Dam Safety Management
Midstream Services Provider | Fort Saskatchewan, Alberta
After changes in dam safety regulations in 2018, including the Alberta Dam and Canal Safety Directive, many brine pond berms that had not previously been considered dams became subject to regulatory dam safety requirements. These requirements include a Consequence Classification and potentially other components, depending on the selected classification. Many ponds are decades old with poor or non-existent records, making it difficult to assess dam safety risks while creating the impression that there are no risks because the structures have survived so long. Journey is fortunate to employ a team of senior engineers with experience specific to dams and the associated regulatory framework.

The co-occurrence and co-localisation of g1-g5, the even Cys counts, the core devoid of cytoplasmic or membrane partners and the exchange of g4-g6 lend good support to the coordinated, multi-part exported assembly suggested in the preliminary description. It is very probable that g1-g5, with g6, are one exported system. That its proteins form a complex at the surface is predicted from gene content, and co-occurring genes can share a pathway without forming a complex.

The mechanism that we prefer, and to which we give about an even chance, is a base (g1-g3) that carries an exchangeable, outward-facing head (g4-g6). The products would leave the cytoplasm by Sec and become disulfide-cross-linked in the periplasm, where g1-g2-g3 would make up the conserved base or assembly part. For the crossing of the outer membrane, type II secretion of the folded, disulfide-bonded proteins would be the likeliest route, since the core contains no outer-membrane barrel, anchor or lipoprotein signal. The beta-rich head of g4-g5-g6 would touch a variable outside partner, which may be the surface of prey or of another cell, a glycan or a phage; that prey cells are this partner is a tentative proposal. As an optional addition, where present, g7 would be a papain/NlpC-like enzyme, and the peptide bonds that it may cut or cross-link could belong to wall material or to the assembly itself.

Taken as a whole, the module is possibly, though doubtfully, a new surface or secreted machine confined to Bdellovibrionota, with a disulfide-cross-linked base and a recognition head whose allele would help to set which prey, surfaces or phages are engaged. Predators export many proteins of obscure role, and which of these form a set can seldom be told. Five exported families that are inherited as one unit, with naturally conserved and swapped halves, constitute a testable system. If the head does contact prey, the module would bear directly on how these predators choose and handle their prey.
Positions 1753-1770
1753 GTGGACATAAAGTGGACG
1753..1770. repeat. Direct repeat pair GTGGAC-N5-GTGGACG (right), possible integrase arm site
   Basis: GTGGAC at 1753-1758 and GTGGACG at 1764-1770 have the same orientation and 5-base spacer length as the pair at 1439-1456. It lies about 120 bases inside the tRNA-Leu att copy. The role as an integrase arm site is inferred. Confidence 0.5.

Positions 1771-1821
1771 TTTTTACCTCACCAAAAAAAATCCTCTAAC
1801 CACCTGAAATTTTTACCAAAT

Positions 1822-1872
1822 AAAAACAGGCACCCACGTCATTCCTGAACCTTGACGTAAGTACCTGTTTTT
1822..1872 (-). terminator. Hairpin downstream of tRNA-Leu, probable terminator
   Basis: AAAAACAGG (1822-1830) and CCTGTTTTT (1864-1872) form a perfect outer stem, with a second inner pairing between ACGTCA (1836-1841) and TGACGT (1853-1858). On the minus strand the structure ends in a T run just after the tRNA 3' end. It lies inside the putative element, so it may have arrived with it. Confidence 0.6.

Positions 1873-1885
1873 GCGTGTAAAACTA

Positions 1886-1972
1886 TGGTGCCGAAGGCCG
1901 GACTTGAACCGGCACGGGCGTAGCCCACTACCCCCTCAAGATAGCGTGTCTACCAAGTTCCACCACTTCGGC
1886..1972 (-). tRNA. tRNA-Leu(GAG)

Team Experience and Regulatory Relationships are Crucial to the Proper Assessment and Management of your Brine Ponds and Dams.
Consequence classifications assess the potential damage that would result if a dam failed and the stored brine was released. The consequence classification is critical because it defines the requirements for other dam safety components such as a Dam Safety Management Plan, Annual Performance Reviews, Dam Safety Reviews, Emergency Preparedness and Response Plans, and Operation, Maintenance and Surveillance manuals. For each pond, the potential inundation resulting from a breach was mapped. The consequences of a breach were then assessed based on the mapping in terms of risk to life, environmental and cultural losses, and economic losses to select a classification under the Directive. A Dam Safety Management Plan (DSMP) was created and was used to propose a phased approach to meeting other regulatory requirements.